I love the peaceful music in this video and hope all of you enjoy a peaceful Easter today. I have enjoyed singing in our church choir the past few months with my husband. It brightens my day to have the words and music we sing flow through my thoughts at random times (like while doing dishes). I feel so happy to get to share new music with my piano students each week and add the the repertoire of music in their minds which will hopefully bring them joyful moments for years to come.
To help my students review have a little fun reviewing for their theory exams, I had them create a poster to present various musical concepts during their "lab time" and then they each had the opportunity to teach about their poster at group lessons. I love the different variations they came up with just a little clipart and markers. (Jewel Notes worksheet from Susan Paradis - just a little "fancied up")
I just added another fun piano teaching blog to my list - For Love of Piano. Leah is hosting a giveaway of some fun rhythm block manipulatives that would be very helpful for introducing compound meters. And while your visiting there... check out the inspiring quote on the top of her blog by William Ward - I love it!
I find that "off the bench activities" are an essential ingredient for success in lessons for some of my younger students. To help some of my beginning students review basic note names and rhythms, I pulled out these cute "Easter Egg Find the Note Cards" available on Susan Paradis's website and added a new twist to the game. 1. Hide the rhythm cards in visible spots throughout the studio before the lesson. 2. Turn on your metronome to a walking speed. 2. Have the student glance around and call out a type of note to collect (quarter, half, whole, etc.). 3.Teacher and student hop (or step) around the studio to the rhythm of the note they are searching for. 4. When you spot a correct notecard, "race" back to set it on the bench - "hopping" the rhythm of the note to the beat of the metronome. The first one to the bench gets a point. 5. Have student choose a new type of note and repeat. My students quickly learned that having the job of choosing the type of note is a definite advantage for them - they always picked the ones closest to them in the studio.
Doesn't that title just sound fun??? I was introduced to the "Let's Play Music" program by another teacher at one of our local music club meetings and I recently attended one of their "Connections" seminars to learn a little bit more about the program. Theory Songs The element that piqued my interest the most was the frequent use of songs as teaching tools for basic elements of music theory. I liked the catchy melody of "Every chord has got to have a root..." on their online video. Listening to it makes the words "The Note above the Gap's the Root, it just has rearranged" start jiving around in my brain. The program includes several other clever songs for teaching the concepts of intervals, inversions, scales and rhythm patterns. Bubblehand Technique I've been introducing my younger students to finger numbers with a variation of "Where is Thumbkin" for a while, but I really like this additional verse they add in "Let's Play Music" because it adds one more reminder of correct hand position - a concept that seems to need constant reinforcement with young beginners.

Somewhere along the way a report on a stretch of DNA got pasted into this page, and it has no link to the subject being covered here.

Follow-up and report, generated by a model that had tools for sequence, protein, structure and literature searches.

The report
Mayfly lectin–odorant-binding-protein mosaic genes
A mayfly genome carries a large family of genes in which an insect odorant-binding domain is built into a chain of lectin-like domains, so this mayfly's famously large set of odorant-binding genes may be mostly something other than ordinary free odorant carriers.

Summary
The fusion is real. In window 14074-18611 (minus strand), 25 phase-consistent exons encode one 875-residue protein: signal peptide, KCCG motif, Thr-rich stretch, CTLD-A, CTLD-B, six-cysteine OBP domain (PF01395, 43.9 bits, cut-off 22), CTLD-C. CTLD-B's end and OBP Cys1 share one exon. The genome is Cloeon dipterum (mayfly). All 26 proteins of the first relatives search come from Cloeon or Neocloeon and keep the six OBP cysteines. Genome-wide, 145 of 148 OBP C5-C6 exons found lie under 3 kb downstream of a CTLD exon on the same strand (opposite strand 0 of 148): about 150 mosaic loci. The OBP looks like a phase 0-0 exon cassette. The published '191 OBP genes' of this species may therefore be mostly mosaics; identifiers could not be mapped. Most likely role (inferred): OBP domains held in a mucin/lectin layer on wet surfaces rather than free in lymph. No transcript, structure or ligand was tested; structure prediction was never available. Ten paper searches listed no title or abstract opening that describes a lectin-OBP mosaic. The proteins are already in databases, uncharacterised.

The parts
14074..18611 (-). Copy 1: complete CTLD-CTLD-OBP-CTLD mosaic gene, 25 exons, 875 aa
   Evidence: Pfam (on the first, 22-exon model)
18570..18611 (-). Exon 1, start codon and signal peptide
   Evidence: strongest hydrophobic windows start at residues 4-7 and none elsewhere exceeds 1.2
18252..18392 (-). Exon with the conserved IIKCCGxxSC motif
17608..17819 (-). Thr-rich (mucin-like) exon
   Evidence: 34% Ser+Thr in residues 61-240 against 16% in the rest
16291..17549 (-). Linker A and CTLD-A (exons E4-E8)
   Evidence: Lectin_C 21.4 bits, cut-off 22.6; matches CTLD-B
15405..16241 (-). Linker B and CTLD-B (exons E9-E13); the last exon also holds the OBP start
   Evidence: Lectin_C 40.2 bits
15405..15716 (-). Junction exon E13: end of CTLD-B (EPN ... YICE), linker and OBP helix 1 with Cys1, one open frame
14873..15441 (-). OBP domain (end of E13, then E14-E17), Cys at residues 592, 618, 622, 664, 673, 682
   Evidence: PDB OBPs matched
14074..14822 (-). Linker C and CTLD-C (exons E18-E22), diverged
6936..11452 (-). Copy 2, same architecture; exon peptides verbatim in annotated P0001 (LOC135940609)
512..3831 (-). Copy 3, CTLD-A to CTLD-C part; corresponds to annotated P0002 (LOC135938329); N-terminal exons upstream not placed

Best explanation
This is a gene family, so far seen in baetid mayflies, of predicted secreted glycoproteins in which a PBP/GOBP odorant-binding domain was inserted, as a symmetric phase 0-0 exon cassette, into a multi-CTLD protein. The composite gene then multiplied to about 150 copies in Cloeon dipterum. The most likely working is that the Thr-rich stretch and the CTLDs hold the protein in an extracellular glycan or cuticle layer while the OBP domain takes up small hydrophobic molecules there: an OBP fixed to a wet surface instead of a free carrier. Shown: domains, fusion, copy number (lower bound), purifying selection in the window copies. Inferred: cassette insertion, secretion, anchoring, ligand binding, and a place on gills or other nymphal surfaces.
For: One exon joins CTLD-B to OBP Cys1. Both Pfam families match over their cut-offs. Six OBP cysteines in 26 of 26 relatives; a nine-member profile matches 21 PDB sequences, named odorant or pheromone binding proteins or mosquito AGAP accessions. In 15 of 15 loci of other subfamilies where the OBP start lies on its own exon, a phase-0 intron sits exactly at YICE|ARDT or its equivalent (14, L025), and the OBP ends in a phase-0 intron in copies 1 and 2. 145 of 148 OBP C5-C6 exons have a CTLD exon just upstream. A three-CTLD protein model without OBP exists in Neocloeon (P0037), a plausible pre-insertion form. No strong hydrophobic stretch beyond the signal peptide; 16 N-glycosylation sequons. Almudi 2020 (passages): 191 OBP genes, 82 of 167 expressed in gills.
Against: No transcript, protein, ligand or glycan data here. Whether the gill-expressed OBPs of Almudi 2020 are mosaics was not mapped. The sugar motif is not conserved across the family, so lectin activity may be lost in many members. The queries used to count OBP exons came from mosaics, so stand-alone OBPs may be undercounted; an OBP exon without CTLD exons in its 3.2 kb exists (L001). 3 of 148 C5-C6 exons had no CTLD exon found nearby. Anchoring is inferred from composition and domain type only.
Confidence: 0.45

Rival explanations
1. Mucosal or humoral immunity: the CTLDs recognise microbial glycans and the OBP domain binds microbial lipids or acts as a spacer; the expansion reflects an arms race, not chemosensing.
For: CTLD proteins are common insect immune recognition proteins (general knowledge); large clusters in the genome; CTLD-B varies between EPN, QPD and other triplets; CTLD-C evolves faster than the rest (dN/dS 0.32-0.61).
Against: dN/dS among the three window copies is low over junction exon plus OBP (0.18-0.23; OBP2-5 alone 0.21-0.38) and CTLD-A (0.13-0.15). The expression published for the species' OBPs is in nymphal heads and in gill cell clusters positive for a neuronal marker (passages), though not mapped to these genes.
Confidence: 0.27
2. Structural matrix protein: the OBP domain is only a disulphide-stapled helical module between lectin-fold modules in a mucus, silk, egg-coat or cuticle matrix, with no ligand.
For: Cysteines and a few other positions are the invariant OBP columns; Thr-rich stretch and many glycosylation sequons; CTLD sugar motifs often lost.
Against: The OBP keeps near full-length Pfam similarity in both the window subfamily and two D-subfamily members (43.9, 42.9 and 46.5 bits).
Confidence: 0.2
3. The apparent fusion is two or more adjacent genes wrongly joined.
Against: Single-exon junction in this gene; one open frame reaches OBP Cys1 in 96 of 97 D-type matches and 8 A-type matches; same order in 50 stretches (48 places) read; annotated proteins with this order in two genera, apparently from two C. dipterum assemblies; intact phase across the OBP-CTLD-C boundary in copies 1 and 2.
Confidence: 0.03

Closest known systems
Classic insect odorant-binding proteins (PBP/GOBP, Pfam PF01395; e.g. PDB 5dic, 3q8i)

"Where is Bubblehand... Here I am... Fingers Flat are Trouble, Try to Use a Bubble..."
Musical Form Puppetshows Another aspect of "Let's Play Music" that I am impressed with is that the students experience most musical concepts through movement, auditory or physical motions before learning the "labels." I think this approach especially helps young learns to internalize concepts better. The video on their site demonstrates how this is done with the use of puppets to help students learn about form while listening to classical music.
I am always eager to pick up new tidbits of piano teaching tips and was happy to walk away with several after attending this seminar. Kit Kat Black Key Groups The chocoholic in me was tempted with the idea to use Kit Kat's broken in groups of 2's and 3's as an introduction to black keys on the piano with this fun little rhyme- "Find a group of 2, Down 1 is C Find a group of 3, it's F yippee!". Maybe I'll incorporate that idea in making my piano-loving-daughter's next birthday cake, because a stash of Kit Kat's in my piano things wouldn't last very long at our house :) "Paint Ball" Staccatos and Slurs When teaching staccato vs. legato I like the analogy they used of a ball dipped in paint. When you roll it smoothly across a blank page it leaves a line (slur), but when you bounce it, it leaves a dot (staccato mark). I don't think I'll be teaching this "experientially" - although I'm sure children would love it if I did!
If any of you have had experiences with "Let's Play Music" either as a teacher or teacher of former students, feel free to share a comment, or to learn more straight from the source visit the Let's Play Music Site.